Posted on: 14 May 2020
When most people think about the idea of an audit, they do so in negative terms. After all, no one wants to have someone looking over their shoulders—or worse, intentionally looking for errors or fraud. But, in reality, an audit is a good thing for your company to request on its own. Here are a few of the benefits your business gets from ordering an audit of its finances.
1. You Learn About Potential Problems
Errors, omissions, misunderstandings, and employee wrongdoing can happen in any company. But if no one is paying attention to your books, you aren't likely to find such problems until they become big issues. You might only find out that you're misclassifying assets after the IRS performs an audit, for instance. At this point, the damage is done and you'll likely end up with fines and penalties.
2. You Have Confidence in Your Books
If you're a new business owner or aren't very well versed in business finances, you have to rely on the skills of others and what you've picked up so far. An external audit done by an accountant is a good way to learn if you're doing things right. The auditor can help find weak spots in your bookkeeping or suggest ways to improve. In the end, you'll have more assurance that your business is headed in the right direction and your staff is reliable.
3. You'll Be Ready for Other Audits
Asking for a voluntary audit is good preparation for other audits over which you may have little control. The IRS, Social Security Administration, state tax authorities, and your industry association may all want to perform their own audits at some point. If you haven't ever checked the validity of your own financial statements, the idea of an external agency audit can be a terrifying and alien prospect.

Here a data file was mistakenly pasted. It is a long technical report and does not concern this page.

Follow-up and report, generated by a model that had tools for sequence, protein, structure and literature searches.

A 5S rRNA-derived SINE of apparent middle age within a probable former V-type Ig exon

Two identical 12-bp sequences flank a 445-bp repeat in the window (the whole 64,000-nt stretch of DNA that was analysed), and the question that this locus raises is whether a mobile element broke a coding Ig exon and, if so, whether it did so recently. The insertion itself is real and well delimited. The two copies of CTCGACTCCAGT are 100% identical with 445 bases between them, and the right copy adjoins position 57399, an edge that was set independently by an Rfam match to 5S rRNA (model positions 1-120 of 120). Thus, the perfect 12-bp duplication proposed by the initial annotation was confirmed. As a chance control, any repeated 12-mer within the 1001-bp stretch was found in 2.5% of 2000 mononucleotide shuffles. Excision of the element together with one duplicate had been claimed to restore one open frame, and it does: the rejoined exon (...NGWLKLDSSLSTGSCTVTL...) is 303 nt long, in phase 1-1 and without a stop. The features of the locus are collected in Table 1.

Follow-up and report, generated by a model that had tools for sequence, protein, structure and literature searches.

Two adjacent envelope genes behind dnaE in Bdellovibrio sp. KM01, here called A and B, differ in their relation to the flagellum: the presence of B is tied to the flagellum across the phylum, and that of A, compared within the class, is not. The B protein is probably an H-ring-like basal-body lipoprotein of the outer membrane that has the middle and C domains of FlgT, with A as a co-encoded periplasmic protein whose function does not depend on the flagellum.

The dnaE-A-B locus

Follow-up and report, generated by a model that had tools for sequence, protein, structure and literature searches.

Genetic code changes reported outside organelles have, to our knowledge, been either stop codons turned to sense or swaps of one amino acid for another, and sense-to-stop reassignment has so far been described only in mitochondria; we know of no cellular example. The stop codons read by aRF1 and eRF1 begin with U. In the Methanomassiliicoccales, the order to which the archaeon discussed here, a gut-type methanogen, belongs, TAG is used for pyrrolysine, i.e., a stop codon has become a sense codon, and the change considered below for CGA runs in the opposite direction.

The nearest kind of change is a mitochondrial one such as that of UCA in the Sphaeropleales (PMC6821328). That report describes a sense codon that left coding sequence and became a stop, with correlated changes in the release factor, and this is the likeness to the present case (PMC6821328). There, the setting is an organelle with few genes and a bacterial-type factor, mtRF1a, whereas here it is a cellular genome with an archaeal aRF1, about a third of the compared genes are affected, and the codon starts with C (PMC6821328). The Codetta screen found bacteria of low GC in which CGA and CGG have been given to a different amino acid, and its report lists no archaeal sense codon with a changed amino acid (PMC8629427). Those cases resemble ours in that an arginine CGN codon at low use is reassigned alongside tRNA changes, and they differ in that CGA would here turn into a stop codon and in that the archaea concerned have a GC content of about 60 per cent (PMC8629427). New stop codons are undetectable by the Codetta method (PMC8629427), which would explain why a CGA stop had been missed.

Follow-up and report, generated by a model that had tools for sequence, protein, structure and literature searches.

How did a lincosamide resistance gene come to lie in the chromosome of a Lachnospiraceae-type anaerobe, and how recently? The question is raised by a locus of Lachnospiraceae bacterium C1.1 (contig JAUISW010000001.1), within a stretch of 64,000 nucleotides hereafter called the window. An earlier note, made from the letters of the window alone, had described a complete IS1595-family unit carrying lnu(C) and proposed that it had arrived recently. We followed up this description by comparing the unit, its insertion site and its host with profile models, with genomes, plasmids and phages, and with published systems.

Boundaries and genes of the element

4. Business Partners Have Assurance
Every company has to work with other businesses and individuals at various times. Audited financial statements are key to providing other companies the confidence to do business with you. Lenders, for instance, regularly want to see audited statements before loaning money. Vendors may want audited books before providing large sums of credit, and potential partners are also likely to expect to see auditing occur.
5. You Get the Books Cleaned Up
When you know that an objective third party will be coming in to look at your accounting documents and transactions, you and your staff are more likely to get everything done. Small businesses regularly suffer from a lack of time and motivation to do some tasks (such as filing or tracking depreciable assets). But an annual audit gives everyone the nudge they need to get these things done and be ready.
If you think your small business could benefit from assistance through an audit, start today by speaking with a certified public accountant with experience in your industry.Share